FEATURE

Quartets on the Cortex: Neuroscience at Play

by Paul Hond Published Spring 2015
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Violinists and virologists, pianists and pathologists. The surprising confluence of music and medicine raises an inevitable question: do physicians and musicians have similar brains?

David Sulzer is a professor of neuroscience at Columbia University Medical Center. He is also a composer, violinist, and guitarist who was a rock of the downtown avant-garde music scene in the 1980s and ’90s.

“Voluntary movements in every part of the body are controlled by a specific region of the motor cortex,” says Sulzer. “When you learn a musical instrument, you’re changing your brain, in part because you’re devoting more area of the motor cortex and striatum to particular muscles and habits.” This sort of training, says Sulzer, especially on instruments that require a high degree of manual dexterity, develops the fine motor control so crucial for surgeons.

Sulzer’s lab studies the synaptic connections in the cortex and basal ganglia that give rise to memory, learning, and behavior. It’s in the learning process itself — “the figuring out of what’s possible” — that Sulzer sees music’s imprint on the scientific mind.

“When you learn a musical instrument, you undergo a change in neural computation: if something doesn’t work, you try another way. If that doesn’t work, you try again.” Sulzer says this process strengthens the synapses, the structures that carry electrochemical signals between neurons.

Some effects can be seen explicitly when you record brain activity with an EEG. “One of the features you’ll find,” says Sulzer, “is an ‘event-related potential,’ or ERP, which occurs when a person hears, for example, a syntactical error,” such as Humpty Dumpty sat on a wall, Humpty Dumpty had a fall great. “With music, if you give people an even rhythm and then you alter it, every listener will get an ERP. Musicians, however, will get bigger ones. So you really are changing the brain by learning music.”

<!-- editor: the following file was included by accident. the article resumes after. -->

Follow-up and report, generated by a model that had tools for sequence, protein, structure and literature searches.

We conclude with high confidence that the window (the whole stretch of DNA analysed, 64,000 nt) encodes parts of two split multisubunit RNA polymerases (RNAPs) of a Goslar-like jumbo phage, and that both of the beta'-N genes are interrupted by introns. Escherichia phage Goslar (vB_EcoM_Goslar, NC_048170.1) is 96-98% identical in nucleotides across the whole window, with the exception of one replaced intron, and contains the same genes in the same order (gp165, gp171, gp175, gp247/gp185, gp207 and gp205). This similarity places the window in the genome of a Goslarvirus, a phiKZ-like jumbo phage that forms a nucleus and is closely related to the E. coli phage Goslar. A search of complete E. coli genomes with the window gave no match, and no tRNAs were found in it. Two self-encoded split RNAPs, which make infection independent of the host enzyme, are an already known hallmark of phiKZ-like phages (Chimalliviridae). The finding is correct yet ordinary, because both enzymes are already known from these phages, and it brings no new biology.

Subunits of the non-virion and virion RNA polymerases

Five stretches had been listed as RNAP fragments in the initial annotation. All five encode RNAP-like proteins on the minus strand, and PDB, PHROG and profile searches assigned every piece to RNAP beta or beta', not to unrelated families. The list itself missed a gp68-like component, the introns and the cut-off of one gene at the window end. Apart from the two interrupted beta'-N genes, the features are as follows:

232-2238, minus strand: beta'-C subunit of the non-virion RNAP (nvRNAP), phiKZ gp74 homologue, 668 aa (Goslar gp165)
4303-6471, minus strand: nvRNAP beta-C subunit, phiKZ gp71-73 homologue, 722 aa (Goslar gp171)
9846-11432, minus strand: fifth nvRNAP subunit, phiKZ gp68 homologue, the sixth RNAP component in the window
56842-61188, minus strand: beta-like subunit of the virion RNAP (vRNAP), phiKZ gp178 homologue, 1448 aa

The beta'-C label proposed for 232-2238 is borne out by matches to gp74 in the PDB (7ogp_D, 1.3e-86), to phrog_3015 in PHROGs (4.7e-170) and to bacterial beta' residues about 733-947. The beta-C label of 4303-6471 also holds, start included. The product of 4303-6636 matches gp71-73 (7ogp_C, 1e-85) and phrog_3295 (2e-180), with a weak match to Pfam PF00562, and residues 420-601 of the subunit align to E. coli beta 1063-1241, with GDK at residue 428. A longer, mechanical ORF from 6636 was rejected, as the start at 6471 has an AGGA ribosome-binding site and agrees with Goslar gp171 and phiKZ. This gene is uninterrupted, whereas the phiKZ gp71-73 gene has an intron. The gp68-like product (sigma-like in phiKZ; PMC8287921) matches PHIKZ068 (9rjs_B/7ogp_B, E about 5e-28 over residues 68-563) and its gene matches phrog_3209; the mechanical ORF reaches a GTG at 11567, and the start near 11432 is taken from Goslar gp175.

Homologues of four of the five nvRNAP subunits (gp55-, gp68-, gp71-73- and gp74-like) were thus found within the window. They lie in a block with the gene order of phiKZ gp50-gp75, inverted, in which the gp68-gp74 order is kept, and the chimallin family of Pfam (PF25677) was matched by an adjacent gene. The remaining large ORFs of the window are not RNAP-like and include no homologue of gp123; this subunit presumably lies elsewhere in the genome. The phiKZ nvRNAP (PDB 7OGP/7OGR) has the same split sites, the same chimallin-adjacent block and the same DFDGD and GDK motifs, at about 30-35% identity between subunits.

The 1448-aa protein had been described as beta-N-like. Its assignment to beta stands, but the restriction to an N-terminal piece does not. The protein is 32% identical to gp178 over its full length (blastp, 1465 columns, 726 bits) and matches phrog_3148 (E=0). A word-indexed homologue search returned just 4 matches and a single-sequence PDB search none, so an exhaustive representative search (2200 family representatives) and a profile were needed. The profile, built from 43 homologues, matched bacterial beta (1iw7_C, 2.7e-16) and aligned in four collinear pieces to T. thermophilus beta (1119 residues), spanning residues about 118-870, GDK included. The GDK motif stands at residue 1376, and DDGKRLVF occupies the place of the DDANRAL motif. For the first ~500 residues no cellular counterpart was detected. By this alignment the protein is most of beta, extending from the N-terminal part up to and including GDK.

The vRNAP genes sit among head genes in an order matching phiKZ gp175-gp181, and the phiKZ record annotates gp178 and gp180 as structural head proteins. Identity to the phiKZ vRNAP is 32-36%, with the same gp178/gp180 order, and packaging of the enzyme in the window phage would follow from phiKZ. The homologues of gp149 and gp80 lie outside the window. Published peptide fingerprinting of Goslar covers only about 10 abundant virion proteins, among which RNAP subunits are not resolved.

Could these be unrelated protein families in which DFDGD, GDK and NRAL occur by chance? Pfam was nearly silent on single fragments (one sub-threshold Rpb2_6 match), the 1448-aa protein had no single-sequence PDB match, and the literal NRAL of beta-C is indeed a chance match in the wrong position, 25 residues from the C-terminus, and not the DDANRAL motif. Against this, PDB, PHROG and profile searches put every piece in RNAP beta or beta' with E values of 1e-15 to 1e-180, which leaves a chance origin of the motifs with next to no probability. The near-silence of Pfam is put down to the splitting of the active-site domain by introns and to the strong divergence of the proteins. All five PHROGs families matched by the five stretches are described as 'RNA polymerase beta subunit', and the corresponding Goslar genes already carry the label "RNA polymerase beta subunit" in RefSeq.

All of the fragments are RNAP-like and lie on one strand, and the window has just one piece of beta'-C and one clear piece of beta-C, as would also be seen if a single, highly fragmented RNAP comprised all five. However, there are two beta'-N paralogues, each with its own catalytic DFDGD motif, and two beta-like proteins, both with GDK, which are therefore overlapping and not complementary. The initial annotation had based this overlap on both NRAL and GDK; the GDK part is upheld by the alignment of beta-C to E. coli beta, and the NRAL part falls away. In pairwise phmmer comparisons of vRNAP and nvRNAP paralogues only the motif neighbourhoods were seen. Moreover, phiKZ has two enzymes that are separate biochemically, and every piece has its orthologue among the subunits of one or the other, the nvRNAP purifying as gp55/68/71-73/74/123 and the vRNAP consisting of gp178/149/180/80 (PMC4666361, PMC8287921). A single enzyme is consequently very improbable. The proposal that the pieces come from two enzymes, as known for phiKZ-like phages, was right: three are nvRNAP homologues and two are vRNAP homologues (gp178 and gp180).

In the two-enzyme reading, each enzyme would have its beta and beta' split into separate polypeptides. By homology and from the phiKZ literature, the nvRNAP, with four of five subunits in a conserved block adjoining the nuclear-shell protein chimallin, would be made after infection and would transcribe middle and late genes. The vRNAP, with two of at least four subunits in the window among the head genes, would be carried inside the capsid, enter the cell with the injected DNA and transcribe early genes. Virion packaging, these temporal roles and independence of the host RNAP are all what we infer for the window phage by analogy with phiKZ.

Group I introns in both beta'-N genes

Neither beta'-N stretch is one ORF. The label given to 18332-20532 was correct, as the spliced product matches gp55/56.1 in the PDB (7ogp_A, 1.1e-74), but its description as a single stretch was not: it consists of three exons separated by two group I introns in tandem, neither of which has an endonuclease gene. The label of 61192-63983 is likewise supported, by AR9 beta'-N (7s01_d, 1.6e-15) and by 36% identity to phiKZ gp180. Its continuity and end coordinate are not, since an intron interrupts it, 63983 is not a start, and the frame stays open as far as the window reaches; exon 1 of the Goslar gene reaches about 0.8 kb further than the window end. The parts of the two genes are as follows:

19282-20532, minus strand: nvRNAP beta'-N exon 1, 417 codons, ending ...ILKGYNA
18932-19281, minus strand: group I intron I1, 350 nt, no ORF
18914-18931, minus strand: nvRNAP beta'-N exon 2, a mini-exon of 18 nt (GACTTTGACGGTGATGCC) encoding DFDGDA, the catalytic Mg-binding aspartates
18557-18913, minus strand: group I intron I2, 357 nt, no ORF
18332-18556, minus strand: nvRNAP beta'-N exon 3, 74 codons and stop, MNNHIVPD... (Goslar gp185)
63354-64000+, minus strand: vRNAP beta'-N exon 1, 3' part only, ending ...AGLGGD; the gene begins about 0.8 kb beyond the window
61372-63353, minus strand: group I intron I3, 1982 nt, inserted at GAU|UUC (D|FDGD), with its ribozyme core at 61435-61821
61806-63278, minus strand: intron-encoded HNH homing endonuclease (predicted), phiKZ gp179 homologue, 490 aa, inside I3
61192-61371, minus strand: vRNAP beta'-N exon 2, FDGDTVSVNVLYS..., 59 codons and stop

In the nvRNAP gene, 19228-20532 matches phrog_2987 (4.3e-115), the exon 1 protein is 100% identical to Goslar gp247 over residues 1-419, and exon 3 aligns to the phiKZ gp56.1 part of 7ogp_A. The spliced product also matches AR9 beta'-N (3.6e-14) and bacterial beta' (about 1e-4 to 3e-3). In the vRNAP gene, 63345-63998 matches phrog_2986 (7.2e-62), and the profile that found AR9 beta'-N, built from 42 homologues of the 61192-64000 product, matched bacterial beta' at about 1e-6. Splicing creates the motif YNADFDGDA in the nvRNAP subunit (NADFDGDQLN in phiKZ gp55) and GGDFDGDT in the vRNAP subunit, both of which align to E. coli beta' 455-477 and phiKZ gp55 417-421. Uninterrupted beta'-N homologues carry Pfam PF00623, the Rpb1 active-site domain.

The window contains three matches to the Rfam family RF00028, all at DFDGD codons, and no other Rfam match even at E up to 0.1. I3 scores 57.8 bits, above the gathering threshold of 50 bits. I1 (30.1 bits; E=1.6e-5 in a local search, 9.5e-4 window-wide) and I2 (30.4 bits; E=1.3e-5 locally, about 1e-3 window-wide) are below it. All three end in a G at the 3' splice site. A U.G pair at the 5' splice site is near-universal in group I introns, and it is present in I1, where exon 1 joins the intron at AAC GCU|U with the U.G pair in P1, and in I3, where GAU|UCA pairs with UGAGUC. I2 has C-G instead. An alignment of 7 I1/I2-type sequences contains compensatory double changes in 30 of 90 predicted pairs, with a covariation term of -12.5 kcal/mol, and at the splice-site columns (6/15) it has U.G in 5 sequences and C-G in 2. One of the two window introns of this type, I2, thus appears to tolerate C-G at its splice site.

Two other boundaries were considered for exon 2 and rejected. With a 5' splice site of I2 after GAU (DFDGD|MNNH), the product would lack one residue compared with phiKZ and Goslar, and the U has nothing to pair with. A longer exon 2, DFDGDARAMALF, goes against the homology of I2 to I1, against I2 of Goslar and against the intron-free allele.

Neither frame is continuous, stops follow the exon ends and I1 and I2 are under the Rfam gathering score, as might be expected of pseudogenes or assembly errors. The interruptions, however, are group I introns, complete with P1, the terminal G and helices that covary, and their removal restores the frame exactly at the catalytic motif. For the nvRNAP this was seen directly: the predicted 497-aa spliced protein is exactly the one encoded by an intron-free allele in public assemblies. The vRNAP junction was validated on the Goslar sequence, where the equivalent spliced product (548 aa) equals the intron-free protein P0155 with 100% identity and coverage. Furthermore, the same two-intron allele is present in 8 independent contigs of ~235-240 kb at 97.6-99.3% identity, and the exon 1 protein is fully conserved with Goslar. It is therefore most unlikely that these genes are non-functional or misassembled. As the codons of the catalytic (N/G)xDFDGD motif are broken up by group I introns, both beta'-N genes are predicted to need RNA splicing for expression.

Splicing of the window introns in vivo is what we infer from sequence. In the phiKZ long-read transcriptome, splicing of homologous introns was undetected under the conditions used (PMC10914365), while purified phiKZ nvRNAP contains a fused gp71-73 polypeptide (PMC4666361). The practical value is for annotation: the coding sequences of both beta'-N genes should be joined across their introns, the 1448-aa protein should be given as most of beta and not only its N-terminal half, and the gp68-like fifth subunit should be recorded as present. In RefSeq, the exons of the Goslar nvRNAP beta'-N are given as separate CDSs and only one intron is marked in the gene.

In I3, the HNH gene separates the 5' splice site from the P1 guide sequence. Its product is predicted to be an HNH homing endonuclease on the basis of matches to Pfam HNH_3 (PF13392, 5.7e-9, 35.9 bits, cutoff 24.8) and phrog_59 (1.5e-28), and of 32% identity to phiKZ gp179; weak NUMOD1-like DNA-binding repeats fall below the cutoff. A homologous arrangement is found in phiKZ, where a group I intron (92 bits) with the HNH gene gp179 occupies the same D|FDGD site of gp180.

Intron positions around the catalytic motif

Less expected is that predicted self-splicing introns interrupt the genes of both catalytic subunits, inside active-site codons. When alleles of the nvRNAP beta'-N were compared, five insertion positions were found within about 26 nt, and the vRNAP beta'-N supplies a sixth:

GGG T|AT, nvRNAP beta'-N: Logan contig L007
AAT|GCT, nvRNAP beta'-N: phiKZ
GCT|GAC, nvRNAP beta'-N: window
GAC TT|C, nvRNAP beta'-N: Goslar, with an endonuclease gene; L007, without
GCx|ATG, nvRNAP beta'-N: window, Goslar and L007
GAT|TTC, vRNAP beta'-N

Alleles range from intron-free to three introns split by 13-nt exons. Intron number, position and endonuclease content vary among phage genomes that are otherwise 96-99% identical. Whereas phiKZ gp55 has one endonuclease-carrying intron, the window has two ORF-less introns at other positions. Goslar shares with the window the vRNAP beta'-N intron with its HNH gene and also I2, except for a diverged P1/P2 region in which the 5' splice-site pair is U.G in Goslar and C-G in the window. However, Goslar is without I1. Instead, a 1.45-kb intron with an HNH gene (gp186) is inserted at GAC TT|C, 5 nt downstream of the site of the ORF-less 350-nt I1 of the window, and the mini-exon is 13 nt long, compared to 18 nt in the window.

Michael Shadlen, too, sees a musical–medical connection. Shadlen is a professor of neuroscience at CUMC, a neurologist, and a leading researcher in the field of cognition. He also plays jazz guitar.

“What is the consilience between musicality and being in medicine?” says Shadlen, like an improviser posing a melodic question. “It’s the sense that stories have diversions along the way.

“The brain,” he says, “is built for aesthetics. We are built to try to find structure, we are built to try to find meaning. Similarly, in medicine, we try to find the diagnosis.”

Could it be that doctors and musicians have a shared approach to creativity, one rooted in the brain’s primal need for story?

“You can think of creativity as directed exploration, with an aesthetic twist,” Shadlen says. “The artist, for example, communicates an idea that has an implied completion; the aesthetic twist is that there’s a sense of what a completion will mean. The musician plays something that establishes expectations in the listener, and then he teases you just a little bit — not so much that things begin to sound like chaos, but enough to take you to a few places, and tell a little story, before he finally delivers the goods.

“Now let’s go to medicine. In medicine, you have the facts, and you have the patient in front of you. You’ve got, ultimately, a story; you have a sense of how things should end, but you’re ready for surprises along the way. If you’re a good doctor, you’re always prepared to be wrong — things don’t always go from A to B and back to A. It’s the same style of thinking: directed exploration. We want to make a diagnosis. We want to solve a problem. We want to see this story have an end. We’re driven to do that. And that’s part of the fun and the intellectual challenge in medicine.”

 

Read the related article The Hippocratic Overturehttp://magazine.columbia.edu/features/spring-2015/hippocratic-overture

 

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